The death of one of your children is cruel pain. No matter how long the lifespan – from youngster to senior – the loss is deep and devastating. Part of you has gone.
But part of these offspring remain in the memories and methods you choose to keep them alive in your mind. It’s hard to write about – but that doesn’t mean it isn’t worth doing. It’s how these recollections – old and new, and the way we preserve them – are woven through our lives that I want to share.
Our first son, Christopher Joseph, was born and died before he was 24 hours old. I was extremely ill and never even got to see him. We were stationed at Oxnard AFB California, at the time and it was up to Jim to bear the burden of our little guy’s final arrangements. All we had left of him was the small little nickel toned crucifix that adorned his tiny casket. This cross, as a quiet reminder, has hung on our many kitchen walls for 54 years. We also put up an angel Christmas stocking for him every year.
What meld of ancestral features would he have had if he’d lived? What would he be like? Would he have been in the Air Force like his dad or a writer like his mom? How about taking after one grandmother with her love of and skill at music or an aunt, who is an artist. Perhaps he might have been into propagating and showing camellias like one of his grandfathers. Or he might have been a safari hunter or a pro footballer. Whatever. He would have been as loved as our other children. We often talk about these things on his March birthday. But just last week his younger brother David did something so special, it marks a new and lasting chapter in our family story.
He was representing the Hills at a relative’s California wedding. Just before he left, David, who had named his second son Adam Christopher, asked just where Chris was buried as he had something special he wanted to take to the gravesite. He came by the house to show us the memento.
It was a U-shaped pewter bracelet, the kind you can slide bead charms on. He’d gone to one of those bead stores where they had thousands of selections and picked out six personal icons. There was an airplane for Jim and a heart for me. Our oldest daughter Cathy, a stylish college exec, was represented by a glittery spike-heeled shoe, and David, an architect, selected a sleekly designed house for himself. The final two charms were for our twins: Jimmy, our special child, was shown as a Raphael angel and a treble clef ended the family sextet for our jazz saxophonist cum music teacher, Mary Clare.
Last Saturday David drove two hours each way to install that bracelet for all of us. It was a way to come full circle. It’s comforting to believe in an afterlife when we can be together and Chris can catch up on all our lifetimes – no matter how long they were.
But I have the feeling he already knows.
 
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A grave revisited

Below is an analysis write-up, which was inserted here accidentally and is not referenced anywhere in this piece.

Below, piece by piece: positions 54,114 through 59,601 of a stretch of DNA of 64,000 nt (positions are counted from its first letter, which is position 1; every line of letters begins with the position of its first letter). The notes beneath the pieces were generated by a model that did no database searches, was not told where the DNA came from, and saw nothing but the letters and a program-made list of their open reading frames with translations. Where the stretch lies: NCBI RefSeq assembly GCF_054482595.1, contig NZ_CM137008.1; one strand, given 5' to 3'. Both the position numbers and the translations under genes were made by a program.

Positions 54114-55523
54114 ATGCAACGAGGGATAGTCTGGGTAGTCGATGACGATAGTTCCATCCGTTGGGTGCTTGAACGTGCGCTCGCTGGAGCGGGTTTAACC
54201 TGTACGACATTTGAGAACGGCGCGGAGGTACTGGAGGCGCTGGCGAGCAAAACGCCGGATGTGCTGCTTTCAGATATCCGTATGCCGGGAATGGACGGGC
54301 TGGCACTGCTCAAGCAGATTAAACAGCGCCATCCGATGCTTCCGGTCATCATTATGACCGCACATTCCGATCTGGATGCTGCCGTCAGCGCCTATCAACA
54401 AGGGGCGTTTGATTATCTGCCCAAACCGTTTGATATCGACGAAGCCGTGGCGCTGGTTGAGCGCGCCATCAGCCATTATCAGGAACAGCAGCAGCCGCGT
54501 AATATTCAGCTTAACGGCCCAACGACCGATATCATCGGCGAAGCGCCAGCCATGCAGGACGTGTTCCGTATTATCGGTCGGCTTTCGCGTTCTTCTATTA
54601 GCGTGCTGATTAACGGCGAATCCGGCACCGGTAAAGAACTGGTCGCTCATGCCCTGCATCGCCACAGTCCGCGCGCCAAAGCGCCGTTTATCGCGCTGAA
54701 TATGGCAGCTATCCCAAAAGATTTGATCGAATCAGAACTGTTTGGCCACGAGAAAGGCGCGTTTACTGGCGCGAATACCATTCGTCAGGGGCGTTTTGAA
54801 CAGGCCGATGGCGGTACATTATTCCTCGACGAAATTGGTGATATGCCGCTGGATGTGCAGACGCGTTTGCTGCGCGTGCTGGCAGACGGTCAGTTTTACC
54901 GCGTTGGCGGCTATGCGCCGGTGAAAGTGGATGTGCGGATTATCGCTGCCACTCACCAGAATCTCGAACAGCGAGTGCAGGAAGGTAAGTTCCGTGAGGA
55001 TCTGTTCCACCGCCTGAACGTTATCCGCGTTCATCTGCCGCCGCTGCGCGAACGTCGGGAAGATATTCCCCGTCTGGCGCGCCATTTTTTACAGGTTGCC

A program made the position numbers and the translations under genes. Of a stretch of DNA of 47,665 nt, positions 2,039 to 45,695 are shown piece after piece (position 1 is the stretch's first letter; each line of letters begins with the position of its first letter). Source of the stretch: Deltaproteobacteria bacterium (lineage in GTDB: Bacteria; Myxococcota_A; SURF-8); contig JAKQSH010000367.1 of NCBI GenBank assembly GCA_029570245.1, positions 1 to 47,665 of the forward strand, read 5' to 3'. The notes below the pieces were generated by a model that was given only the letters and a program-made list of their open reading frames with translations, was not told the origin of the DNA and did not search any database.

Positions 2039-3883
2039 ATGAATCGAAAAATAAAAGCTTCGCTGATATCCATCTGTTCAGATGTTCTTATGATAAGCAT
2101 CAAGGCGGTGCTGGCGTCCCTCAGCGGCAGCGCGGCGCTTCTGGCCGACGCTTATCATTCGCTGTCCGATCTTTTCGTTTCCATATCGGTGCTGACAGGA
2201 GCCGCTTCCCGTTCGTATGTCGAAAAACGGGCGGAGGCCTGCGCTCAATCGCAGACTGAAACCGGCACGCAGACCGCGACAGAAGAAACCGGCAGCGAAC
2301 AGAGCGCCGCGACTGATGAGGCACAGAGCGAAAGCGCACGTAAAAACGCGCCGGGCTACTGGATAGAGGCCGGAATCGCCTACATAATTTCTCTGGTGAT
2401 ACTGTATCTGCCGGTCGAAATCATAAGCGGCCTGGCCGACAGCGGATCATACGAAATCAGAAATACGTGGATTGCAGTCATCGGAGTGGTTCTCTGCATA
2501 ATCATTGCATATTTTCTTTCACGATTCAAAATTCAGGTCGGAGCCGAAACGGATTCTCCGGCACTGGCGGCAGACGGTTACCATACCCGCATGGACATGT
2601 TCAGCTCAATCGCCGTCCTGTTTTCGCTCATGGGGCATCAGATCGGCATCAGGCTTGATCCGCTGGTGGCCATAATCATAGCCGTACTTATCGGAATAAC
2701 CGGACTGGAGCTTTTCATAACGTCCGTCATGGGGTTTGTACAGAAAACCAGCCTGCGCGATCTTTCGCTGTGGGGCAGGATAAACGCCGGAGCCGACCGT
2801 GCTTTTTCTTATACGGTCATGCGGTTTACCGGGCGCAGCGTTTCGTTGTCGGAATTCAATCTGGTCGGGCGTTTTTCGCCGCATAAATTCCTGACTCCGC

• Thursday, August 29, 2013

 
The death of one of your children is cruel pain. No matter how long the lifespan – from youngster to senior – the loss is deep and devastating. Part of you has gone.
But part of these offspring remain in the memories and methods you choose to keep them alive in your mind. It’s hard to write about – but that doesn’t mean it isn’t worth doing. It’s how these recollections – old and new, and the way we preserve them – are woven through our lives that I want to share.
Our first son, Christopher Joseph, was born and died before he was 24 hours old. I was extremely ill and never even got to see him. We were stationed at Oxnard AFB California, at the time and it was up to Jim to bear the burden of our little guy’s final arrangements. All we had left of him was the small little nickel toned crucifix that adorned his tiny casket. This cross, as a quiet reminder, has hung on our many kitchen walls for 54 years. We also put up an angel Christmas stocking for him every year.
What meld of ancestral features would he have had if he’d lived? What would he be like? Would he have been in the Air Force like his dad or a writer like his mom? How about taking after one grandmother with her love of and skill at music or an aunt, who is an artist. Perhaps he might have been into propagating and showing camellias like one of his grandfathers. Or he might have been a safari hunter or a pro footballer. Whatever. He would have been as loved as our other children. We often talk about these things on his March birthday. But just last week his younger brother David did something so special, it marks a new and lasting chapter in our family story.
He was representing the Hills at a relative’s California wedding. Just before he left, David, who had named his second son Adam Christopher, asked just where Chris was buried as he had something special he wanted to take to the gravesite. He came by the house to show us the memento.
It was a U-shaped pewter bracelet, the kind you can slide bead charms on. He’d gone to one of those bead stores where they had thousands of selections and picked out six personal icons. There was an airplane for Jim and a heart for me. Our oldest daughter Cathy, a stylish college exec, was represented by a glittery spike-heeled shoe, and David, an architect, selected a sleekly designed house for himself. The final two charms were for our twins: Jimmy, our special child, was shown as a Raphael angel and a treble clef ended the family sextet for our jazz saxophonist cum music teacher, Mary Clare.
Last Saturday David drove two hours each way to install that bracelet for all of us. It was a way to come full circle. It’s comforting to believe in an afterlife when we can be together and Chris can catch up on all our lifetimes – no matter how long they were.
But I have the feeling he already knows.
 

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